Ratings Key



★★★★
= Excellent. The best the genre has to offer.
★★★
1/2 = Very Good. Perhaps not "perfect," but undoubtedly a must-see.
★★★ = Good. Accomplishes what it sets out to do and does it well.
★★1/2 = Fair. Clearly flawed and nothing spectacular, but competently made. OK entertainment.
★★ = Mediocre. Either highly uneven or by-the-numbers and uninspired.
1/2 = Bad. Very little to recommend.
= Very Bad. An absolute chore to sit through.
NO STARS! = Abysmal. Unwatchable dreck that isn't even bad-movie amusing.
SBIG = So Bad It's Good. Technically awful movies with massive entertainment value.

Friday, November 14, 2008

E tu vivrai nel terrore - L'aldilà (1981)

...aka: Aldilà, L'
...aka: And You Will Live in Terror
...aka: Beyond, The
...aka: Seven Doors of Death

Directed by:
Lucio Fulci

An artist (Antoine Saint-John) is attacked by a mob, who brutally chain whip, crucify and melt away his face with acid, in the monochrome pre-credit period sequence. Many years later, Liza (Catriona MacColl, who also starred in THE GATES OF HELL and THE HOUSE BY THE CEMETERY from the same director) inherits the same cursed Louisiana mansion/hotel and moves in there with renovation crew in tow. A rash of unexplained, supernatural events and mysterious, gory murders soon follow, and anyone who investigates the strange goings-on at the home face an appropriately gruesome demise. The home turns out to be housing one of the seven ancient gateways to hell, which is located somewhere in the flooded basement. A scary-looking ghoul keeps popping up all over the place, a plumber (Giovani De Nava) gets his eyeball squashed out by a zombie and the maid (Veronica Lazar) gets her head impaled on a spike. In a morgue, acid melts away a face and more zombies show up. A man is attacked by tarantulas in a library, who bite at his eyeball, nose and lips in close-up. There's also a mysterious blind-woman ("Sarah Keller"/Cinzia Monreale) with white eyes who keeps showing up warning of doom. Italian horror regular David Warbeck co-stars as a doctor who helps Liza try to figure out what's going on, and Al Cliver has a smaller role as another doctor.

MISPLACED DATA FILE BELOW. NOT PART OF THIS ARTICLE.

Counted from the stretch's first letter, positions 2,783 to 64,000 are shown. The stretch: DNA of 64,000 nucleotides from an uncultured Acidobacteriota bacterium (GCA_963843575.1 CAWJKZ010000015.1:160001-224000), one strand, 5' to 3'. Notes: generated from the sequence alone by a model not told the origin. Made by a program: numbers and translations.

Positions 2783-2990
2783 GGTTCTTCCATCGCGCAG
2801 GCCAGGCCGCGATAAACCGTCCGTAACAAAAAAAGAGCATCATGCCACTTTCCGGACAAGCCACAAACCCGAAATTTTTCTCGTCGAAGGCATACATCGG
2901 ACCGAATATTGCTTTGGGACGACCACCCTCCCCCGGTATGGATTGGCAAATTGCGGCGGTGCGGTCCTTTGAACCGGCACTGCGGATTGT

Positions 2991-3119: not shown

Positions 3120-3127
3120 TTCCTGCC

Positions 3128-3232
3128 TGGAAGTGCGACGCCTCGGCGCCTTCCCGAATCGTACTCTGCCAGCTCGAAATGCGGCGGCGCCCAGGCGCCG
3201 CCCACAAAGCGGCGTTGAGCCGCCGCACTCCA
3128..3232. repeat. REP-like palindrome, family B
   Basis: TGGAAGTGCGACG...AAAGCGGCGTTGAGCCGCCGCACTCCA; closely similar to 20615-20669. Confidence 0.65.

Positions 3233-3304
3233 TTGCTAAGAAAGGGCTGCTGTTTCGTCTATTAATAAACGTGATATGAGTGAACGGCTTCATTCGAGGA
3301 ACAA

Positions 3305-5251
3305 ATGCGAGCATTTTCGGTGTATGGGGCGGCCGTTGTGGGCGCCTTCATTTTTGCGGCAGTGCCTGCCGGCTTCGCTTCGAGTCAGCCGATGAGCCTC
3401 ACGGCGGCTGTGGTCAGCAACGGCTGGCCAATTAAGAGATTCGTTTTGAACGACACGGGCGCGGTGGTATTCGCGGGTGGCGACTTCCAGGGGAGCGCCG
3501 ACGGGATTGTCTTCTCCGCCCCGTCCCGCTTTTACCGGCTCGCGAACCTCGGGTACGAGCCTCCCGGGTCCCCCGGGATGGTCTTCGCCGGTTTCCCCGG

Anyone familiar with the films of Fulci pretty much know what to expect here. There's little plot, a decent amount of atmosphere and grisly gore fx showcased in lengthy, graphic murder set-pieces. The pacing never seems quite right, though, and the film seems to drag in between the outbursts of gore. However, the storyline holds a little interest, the movie is surprisingly surreal at times and the ending is enjoyably ambiguous, so it's easy to see why this is one of the director's most acclaimed works.

Quentin Tarantino is a big fan of the film and, in association with his Rolling Thunder Pictures, prompted a limited theatrical re-release about ten years back, then a video reissue of the uncut version with an additional 10 minutes of (mostly) gore restored came. The cast and crew credits for the original Aquarius video release (as SEVEN DOORS OF DEATH) are mostly incorrect. To be perfectly honest, though, in some ways I prefer the shorted SDOD cut of the film to the longer cut. Sure that version was hacked to death and is missing some of the gore but it also moved along quicker and trimmed out some of the boring talky sequences that are basically redundant and do nothing for the film aside from bringing it to a screeching halt. And for some reason, I much prefer Seven Door's score to the one by Fabio Frizzi that's used in the original version.

★★1/2

1 comment:

CavedogRob said...

Great review! I remember seeing this in the '80's and it was kind of a mess. The restored dvd is great!

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